In telling the story of the nativity, Matthew and Luke’s intention is to declare that something remarkable has happened with the birth of Jesus in Bethlehem. Something that has transformed the history of the world. One has come to the world who through his life is going to show the character and personality of the Creator to humanity, and do so in a way that the common people, like us, will understand and be able to identify with. He came to the world as a human being, one born like any other.

The circumstances of the birth demonstrate to the world on whose side God is. Jesus was born into a poor family in circumstances of poverty. Luke tells us that it was the poor of society, the shepherds, who were the first to be informed of the birth. Matthew tells us that it was others, ‘foreigners’, who were among the first to recognise him. Both authors of the Gospels tell us that Jesus was born in the unremarkable village of Bethlehem, a village not far from Jerusalem, the capital, home of the powerful and the rich. The king Herod, his court and religious organisation were ignored at the temple in Jerusalem, when Jesus was born. God is on the side of the poor and the people of the periphery, those oppressed, those who suffer.

This truth is emphasised by Mary in her song known as the Magnificat; in it she expresses her understanding of how God operates, and what he wants:

He has shown strength with his arm; he has scattered the proud in the thoughts of their hearts;

He has brought down the mighty from their thrones and exalted those of humble estate;

He has filled the hungry with good things, and the rich he has sent away empty. (Luke 1:51-53)

As he tells the story of the shepherds Luke uses special titles such as ‘Saviour’ and ‘Lord’ as the messenger (angel) describes the newborn baby, and the Angel’s song emphasised this was a way of peace. These were titles belonging to Caesar in Greek culture (Luke was aiming his commentary at the Greeks), and Augustus Caesar boasted that it was his way that established peace. Luke deliberately challenges that mentality, and Matthew stresses in the story about Herod killing the children in Bethlehem, that the response of the rich and powerful is one of fear, hatred and cruel violence. This, in truth, is the way of the powerful. That is not the path of civilisation and hope.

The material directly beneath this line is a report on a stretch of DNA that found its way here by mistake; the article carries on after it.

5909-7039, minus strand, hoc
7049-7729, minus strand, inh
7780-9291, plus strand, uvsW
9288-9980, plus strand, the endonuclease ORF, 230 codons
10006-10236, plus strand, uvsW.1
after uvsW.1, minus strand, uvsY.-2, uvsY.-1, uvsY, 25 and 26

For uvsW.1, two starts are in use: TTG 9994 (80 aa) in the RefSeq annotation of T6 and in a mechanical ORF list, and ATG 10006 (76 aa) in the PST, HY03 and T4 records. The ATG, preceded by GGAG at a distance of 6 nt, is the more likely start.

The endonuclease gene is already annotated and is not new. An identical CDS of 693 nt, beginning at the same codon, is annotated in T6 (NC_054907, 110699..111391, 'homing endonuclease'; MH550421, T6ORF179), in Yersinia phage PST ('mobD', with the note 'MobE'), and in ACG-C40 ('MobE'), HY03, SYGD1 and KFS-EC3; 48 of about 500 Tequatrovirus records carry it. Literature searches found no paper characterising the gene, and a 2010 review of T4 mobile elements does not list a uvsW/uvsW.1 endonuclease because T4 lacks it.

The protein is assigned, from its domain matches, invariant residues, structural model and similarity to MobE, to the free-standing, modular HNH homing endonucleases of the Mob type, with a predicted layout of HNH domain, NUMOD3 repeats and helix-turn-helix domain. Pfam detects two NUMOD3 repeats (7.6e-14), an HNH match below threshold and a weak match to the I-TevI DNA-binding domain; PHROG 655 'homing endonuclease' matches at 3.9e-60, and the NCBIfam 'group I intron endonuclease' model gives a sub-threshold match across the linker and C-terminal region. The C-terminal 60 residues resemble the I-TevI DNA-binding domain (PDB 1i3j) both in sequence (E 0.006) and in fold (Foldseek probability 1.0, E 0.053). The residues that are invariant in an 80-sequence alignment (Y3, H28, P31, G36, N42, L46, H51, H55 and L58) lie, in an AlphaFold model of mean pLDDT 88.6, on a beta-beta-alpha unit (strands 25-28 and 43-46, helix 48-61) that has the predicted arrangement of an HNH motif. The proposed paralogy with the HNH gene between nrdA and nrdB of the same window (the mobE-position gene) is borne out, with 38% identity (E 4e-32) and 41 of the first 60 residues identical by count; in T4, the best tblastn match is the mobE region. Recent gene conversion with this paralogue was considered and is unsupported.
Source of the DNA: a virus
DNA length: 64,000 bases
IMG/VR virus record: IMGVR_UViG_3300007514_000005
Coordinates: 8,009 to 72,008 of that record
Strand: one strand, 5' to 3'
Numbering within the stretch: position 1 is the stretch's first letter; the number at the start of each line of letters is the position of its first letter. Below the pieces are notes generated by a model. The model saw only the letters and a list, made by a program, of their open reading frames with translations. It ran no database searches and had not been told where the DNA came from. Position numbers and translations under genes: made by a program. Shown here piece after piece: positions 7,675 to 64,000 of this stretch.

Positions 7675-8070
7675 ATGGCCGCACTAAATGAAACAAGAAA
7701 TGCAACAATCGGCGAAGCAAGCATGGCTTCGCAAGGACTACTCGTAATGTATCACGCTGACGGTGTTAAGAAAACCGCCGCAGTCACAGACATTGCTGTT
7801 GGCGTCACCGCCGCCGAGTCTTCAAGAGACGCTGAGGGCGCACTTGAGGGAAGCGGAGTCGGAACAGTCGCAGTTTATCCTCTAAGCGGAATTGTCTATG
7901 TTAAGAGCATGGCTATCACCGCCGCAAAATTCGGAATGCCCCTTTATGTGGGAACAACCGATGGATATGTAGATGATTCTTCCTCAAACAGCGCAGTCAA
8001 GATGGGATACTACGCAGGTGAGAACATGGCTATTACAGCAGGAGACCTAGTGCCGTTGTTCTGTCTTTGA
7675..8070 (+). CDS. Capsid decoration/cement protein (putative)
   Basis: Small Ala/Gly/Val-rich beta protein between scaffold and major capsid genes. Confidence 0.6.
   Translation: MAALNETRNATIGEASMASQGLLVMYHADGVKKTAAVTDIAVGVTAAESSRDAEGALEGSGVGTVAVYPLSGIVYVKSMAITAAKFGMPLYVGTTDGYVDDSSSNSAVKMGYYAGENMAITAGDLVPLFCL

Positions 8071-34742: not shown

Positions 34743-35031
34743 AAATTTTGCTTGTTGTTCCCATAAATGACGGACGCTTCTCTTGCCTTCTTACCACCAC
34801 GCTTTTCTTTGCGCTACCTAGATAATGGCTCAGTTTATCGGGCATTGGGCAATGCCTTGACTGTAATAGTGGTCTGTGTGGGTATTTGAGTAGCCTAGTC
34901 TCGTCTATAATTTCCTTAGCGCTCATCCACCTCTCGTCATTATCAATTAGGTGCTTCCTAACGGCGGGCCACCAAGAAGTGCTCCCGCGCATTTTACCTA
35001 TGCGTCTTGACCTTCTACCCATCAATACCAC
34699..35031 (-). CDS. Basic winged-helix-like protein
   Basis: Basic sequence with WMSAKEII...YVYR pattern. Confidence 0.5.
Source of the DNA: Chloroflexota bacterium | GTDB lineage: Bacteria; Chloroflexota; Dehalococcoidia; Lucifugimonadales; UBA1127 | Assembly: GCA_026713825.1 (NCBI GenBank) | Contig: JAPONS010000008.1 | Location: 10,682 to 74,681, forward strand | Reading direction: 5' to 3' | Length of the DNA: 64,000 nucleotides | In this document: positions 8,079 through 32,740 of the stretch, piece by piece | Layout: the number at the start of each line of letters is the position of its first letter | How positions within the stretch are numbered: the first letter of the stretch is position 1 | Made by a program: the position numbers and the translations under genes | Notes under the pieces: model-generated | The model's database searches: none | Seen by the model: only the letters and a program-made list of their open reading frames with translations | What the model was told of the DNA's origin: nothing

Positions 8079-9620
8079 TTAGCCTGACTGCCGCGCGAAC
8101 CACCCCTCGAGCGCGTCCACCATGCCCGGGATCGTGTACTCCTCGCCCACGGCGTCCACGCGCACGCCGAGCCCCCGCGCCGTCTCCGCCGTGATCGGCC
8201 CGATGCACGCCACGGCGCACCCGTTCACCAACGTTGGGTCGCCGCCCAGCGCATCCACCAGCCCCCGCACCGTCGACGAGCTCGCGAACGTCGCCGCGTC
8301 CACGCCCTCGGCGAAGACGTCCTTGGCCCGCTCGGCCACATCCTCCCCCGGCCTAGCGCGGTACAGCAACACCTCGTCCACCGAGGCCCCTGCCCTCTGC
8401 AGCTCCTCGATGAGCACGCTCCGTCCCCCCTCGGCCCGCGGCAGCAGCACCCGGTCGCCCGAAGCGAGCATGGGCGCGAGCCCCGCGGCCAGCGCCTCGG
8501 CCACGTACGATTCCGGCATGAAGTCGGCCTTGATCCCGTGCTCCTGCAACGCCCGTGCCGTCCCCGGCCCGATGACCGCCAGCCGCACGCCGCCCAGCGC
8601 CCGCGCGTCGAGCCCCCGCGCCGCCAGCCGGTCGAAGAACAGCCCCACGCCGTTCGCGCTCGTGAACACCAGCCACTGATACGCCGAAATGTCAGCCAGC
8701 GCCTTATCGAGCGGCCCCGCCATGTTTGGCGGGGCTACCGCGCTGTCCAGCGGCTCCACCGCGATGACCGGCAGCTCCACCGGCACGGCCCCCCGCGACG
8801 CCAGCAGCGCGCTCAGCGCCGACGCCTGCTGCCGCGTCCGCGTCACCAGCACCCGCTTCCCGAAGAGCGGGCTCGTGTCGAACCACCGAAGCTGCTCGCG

It is not Caesar’s way that is going to bring justice and peace to the world, but the way of Jesus.

The great battle of our lifetime and the responsibility of our generation is to convince ourselves and our friends who still believe that the path of Constantine and Augustus, of the rich and powerful, is going to solve the world’s problems – indeed save the world –  that this is not the case. It is the way of the Creator that is ’embodied’ in Jesus that will do so.

And that is the true meaning of Christmas.

Image: “Wales Window”, Birmingham, Alabama gan John Petts


The content of these articles does not necessarily convey the standpoints of Undod as a movement. We have chosen to publish a variety of items by people who support our principles as a movement in order to inspire and spur conversation.